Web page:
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Why Robespierre Chose Terror - The lessons of the first totalitarian revolution
City Journal ^ | Apr 16, 2006 | John Kekes

Posted on 04/17/2006 5:51:06 PM PDT by Tailgunner Joe

The American attitude toward the French Revolution has been generally favorable—naturally enough for a nation itself born in revolution. But as revolutions go, the French one in 1789 was among the worst. True, in the name of liberty, equality, and fraternity, it overthrew a corrupt regime. Yet what these fine ideals led to was, first, the Terror and mass murder in France, and then Napoleon and his wars, which took hundreds of thousands of lives in Europe and Russia. After this pointless slaughter came the restoration of the same corrupt regime that the Revolution overthrew. Aside from immense suffering, the upheaval achieved nothing.

Leading the betrayal of the Revolution’s initial ideals and its transformation into a murderous ideological tyranny was Maximilien Robespierre, a monster who set up a system expressly aimed at killing thousands of innocents. He knew exactly what he was doing, meant to do it, and believed he was right to do it. He is the prototype of a particularly odious kind of evildoer: the ideologue who believes that reason and morality are on the side of his butcheries. Lenin, Stalin, Hitler, Mao, and Pol Pot are of the same mold. They are the characteristic scourges of humanity in modern times, but Robespierre has a good claim to being the first. Understanding his motives and rationale deepens our understanding of the worst horrors of the recent past and those that may lurk in the future.

Historians distinguish three phases of the French Revolution. The last, the Terror, ran roughly during 1793–94. It began with the fall of the moderate Girondins and the radical Jacobins’ accession to power. As the Jacobins gained control of the Committee of Public Safety, which in turn controlled the legislature (the Convention), the disputes among their factions sharpened. After an interregnum of shared power, Robespierre became dictator, and the Terror started in earnest. It took the form of the arrest, show trial, and execution of thousands of people, including the leaders of the Girondins and the opposing Jacobin factions, who were suspected of opposing—actively or passively, actually or potentially—the policies Robespierre dictated.

Robespierre’s constituency outside the Convention was the mob, roaming the streets of Paris, the center of the Revolution. Large parts of France were hardly involved; for most people, life went on during the Revolution much as before. The mob in Paris consisted largely of destitute sans-culottes (“without knee breeches”), who maintained themselves by a mixture of crime, prostitution, begging, and odd jobs. Robespierre and his followers incited them to action whenever political expediency called for it. But even when unincited, having nothing better to do, they formed the crowd that watched the public executions, jeered and abused those about to die, rejoiced at the severed heads, adulated the leaders temporarily in power, and cursed them after they fell. Like flies, they were everywhere as the Revolution went on its bloody way. Their enraged, expectant buzzing formed the ghastly background of the slaughter of the innocents.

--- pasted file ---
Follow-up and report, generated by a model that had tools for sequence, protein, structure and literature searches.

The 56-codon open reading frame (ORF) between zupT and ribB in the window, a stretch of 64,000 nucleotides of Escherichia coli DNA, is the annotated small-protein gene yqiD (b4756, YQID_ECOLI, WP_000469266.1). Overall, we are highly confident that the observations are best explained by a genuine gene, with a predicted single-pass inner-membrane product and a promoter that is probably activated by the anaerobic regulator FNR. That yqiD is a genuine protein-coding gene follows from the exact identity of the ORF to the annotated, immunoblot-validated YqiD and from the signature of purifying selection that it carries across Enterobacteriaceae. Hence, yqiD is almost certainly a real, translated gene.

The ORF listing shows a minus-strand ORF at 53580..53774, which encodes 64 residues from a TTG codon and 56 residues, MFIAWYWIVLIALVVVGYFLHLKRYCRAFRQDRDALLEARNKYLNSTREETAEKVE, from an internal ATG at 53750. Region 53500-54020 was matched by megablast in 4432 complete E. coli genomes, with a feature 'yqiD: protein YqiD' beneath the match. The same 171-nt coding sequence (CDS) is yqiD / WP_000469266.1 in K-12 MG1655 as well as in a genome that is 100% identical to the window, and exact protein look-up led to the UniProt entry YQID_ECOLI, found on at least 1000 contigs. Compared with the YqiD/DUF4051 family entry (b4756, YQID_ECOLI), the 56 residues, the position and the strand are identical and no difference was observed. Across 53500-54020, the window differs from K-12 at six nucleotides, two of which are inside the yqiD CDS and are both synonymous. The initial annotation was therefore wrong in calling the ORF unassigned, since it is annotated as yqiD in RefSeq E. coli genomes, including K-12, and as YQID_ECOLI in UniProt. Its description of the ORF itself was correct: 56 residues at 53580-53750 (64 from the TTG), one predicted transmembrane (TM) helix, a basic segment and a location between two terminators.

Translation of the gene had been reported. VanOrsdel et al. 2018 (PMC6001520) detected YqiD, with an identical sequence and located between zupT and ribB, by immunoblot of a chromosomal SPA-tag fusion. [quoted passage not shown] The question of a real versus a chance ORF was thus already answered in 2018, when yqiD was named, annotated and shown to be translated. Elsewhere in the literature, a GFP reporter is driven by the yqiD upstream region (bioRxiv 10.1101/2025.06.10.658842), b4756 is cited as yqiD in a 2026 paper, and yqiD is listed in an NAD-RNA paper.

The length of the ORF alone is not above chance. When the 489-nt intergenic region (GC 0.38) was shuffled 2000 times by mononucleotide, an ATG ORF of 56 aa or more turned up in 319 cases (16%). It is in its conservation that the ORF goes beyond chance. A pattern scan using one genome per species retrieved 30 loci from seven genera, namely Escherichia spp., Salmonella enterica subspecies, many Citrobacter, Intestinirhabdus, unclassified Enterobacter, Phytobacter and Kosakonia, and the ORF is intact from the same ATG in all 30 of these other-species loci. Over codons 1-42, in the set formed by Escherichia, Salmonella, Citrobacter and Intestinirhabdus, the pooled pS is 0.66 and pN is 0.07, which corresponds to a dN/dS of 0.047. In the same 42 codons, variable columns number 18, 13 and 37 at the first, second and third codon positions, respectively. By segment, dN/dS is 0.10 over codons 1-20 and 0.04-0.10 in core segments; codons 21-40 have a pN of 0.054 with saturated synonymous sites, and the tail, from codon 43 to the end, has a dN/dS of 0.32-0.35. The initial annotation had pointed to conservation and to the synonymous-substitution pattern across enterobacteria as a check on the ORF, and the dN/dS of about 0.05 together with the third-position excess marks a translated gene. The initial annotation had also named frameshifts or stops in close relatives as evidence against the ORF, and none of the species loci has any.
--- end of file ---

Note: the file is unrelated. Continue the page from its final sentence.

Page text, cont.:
Historical distance and revolutionary rhetoric must not be allowed to obscure the Terror’s savagery. The descriptions that follow are only a few among many that could be given. Stanley Loomis writes in Paris in the Terror that, in the September massacres of 1792, “the bloody work went on for five . . . days and nights. On the morning of the third, the prison of La Force was entered and here took place the murder of the Princesse de Lamballe. . . . The frenzy of the crazed and drunken murderers appears to have reached its highest pitch at La Force. Cannibalism, disembowelment and acts of indescribable ferocity took place here. The Princess . . . refused to swear her hatred of the King and Queen and was duly handed over to the mob. She was dispatched with a pike thrust, her still beating heart was ripped from her body and devoured, her legs and arms were severed from her body and shot through cannon. The horrors that were then perpetrated on her disemboweled torso are indescribable. . . . It has been loosely assumed . . . that most of the other victims were, like herself, aristocrats—an assumption that for some curious reason is often supposed to mitigate these crimes. Very few victims were, in fact, of the former nobility—less than thirty out of the fifteen hundred who were killed.”

What Robespierre had unloosed were the most depraved urges of society’s dregs. The resulting anarchy temporarily served his purpose, much as the Kristallnacht served Hitler’s, the purges Stalin’s, and the cultural revolution Mao’s. Each perpetrated the terror to frighten opponents into abject submission and establish himself more firmly in power.

Having secured Paris, in 1793 Robespierre appointed commissioners to enforce his interpretation of the Revolution outside the capital. In the city of Lyon, writes Simon Schama in Citizens, the guillotine began its work, but it was found to be “a messy and inconvenient way of disposing of the political garbage. . . . A number of the condemned, then, were executed in mass shootings. . . . [A]s many as sixty prisoners were tied in a line by ropes and shot at with cannon. Those who were not killed outright by the fire were finished off with sabers, bayonets, and rifles. . . . By the time that the killings . . . had finished, one thousand nine hundred and five people had met their end.” The commissioner in Nantes “supplemented the guillotine with . . . Ωverti